Commentary: Don't Let Fear Of Taxes Hold You Back

It always sets my teeth on edge. Reading about some great investment idea or strategy, I'll hit the caveat financial writers insert by rote: "This step might push you into a higher tax bracket, so you'll pay more taxes." Implication: If this idea actually works, you might make money--so maybe you shouldn't do it.

These writers are spreading "bracketphobia"--fear of climbing into a new income bracket and facing a higher marginal tax rate. Their victims are those who, not understanding the income-tax system, take the warnings to heart. Bracketphobia is easily cured with a small dose of knowledge. But its side effects--dumb investments, poor business decisions, and lost income--can be hazardous to your financial health.

VICTIMS. This is one of two periods when bracketphobia is epidemic. Hundreds of thousands of taxpayers had their first experience on Apr. 15, when writing a check to accompany Form 1040. Many tell their accountant: "But I never had to pay taxes before!"--overlooking those regular paycheck exactions. Determined never to "pay taxes" again, they search for ways to reduce the tab, even if it cuts their net worth, too. They might suffer another rash of bracketphobia at yearend when smart investing loses out to the urge to avoid taxes.

Kent Noard, a certified financial planner in San Jose, Calif., sees victims all the time: the landlady who hasn't raised apartment rents for a decade, the investor who loads up on tax-exempt bonds even though other investments would net much more after taxes, the couple who forgo a spouse's income. "Most people don't have any idea how close they are to the next bracket," Noard says. "They just know they don't want to get there."

Why not? Many Americans, it seems, don't understand the concept that underlies tax brackets--the notion of marginal tax rates. When a married couple's 1998 taxable income (after deductions and exemptions) rises from $102,299 to $102,301, they'll go from the 28% bracket to the 31%. But that doesn't mean that they'll pay 31% of all their income. Instead, they'll pay 31% on the single dollar that's in the higher bracket--a 3 cents bite in addition to the tax they would have paid if they hadn't crossed the divide. And since there's no 100% tax rate in the code, "it's almost impossible to conjure up a situation where you come out worse by taking an extra $1 in income," says Thomas Ochsenschlager of accountants Grant Thornton. No, taxes won't "eat it all up."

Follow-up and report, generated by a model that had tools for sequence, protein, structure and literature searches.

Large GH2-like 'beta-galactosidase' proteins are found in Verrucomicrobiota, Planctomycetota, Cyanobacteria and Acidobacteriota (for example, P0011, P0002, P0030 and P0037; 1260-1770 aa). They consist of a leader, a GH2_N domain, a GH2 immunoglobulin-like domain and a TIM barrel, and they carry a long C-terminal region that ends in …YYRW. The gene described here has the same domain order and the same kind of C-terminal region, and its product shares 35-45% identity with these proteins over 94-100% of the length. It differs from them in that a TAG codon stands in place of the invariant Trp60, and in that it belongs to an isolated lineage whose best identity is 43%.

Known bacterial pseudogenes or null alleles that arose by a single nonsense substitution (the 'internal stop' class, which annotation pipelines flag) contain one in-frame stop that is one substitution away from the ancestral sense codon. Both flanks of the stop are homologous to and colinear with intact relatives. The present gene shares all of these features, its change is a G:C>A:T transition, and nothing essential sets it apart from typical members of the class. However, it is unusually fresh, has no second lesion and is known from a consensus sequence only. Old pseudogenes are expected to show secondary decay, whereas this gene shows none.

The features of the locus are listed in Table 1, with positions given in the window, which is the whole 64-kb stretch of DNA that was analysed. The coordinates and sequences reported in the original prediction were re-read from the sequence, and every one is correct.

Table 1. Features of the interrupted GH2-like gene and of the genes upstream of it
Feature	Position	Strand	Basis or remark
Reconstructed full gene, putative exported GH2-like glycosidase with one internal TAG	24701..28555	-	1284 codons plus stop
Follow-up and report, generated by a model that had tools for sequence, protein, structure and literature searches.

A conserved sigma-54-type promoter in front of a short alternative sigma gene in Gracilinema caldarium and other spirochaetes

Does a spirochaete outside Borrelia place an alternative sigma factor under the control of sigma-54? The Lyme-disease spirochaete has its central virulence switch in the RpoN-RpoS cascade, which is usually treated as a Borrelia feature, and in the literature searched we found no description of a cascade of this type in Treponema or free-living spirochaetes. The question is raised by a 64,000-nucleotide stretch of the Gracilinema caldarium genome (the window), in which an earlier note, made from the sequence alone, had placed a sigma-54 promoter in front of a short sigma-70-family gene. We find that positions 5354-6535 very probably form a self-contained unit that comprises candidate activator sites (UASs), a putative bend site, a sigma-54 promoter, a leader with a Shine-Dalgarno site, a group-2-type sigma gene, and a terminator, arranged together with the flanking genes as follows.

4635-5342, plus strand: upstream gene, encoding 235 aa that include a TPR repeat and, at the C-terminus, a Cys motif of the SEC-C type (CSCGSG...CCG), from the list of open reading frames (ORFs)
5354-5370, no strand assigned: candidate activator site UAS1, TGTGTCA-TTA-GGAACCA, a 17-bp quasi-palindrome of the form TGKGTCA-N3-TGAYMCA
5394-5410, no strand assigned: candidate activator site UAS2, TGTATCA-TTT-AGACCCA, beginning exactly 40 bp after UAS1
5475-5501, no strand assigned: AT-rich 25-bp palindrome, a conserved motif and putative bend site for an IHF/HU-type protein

There's nothing wrong with managing income to minimize taxes. Offsetting capital gains with losses, deferring yearend income if you know you'll face a lower tax rate next year, timing retirement-account withdrawals to coincide with low-tax years--all can be good strategies. But playing tax angles can be risky. Say you have a $20 gain on a stock you bought just over a year ago. You would rather pay a 20% long-term tax rate--for investments held 18 months--than the 28% medium-term rate. But if the stock is peaking, it needs to drop only $2 to wipe out any tax advantage. "Taxes should never override good investment decisions," says Laurence Foster of KPMG Peat Marwick.

Managing taxes is getting harder because Congress is making it tough to even know how high your tax rate is. Since 1983, the code has been cluttered with more than 20 tax breaks available only at certain income levels. Virtually every high-income taxpayer can add a point or more to the statutory tax rate because of the limitation on itemized deductions that kicks in at 1998 adjusted gross income of $124,500. Extra income can also cost you opportunities--such as the ability to fund an individual retirement account. The most punishing of these "phantom" brackets--the phase-out of education tax credits--can add as much as 25 points to a student's tax rate, says Indiana University law professor William Popkin.

But the beleaguered scholars shouldn't be deterred from earning more. Whatever bracketphobes might think, more income up front means more money after taxes. Financial contortions designed to deny Uncle Sam his extra slice of your success will squeeze your own wealth, too.

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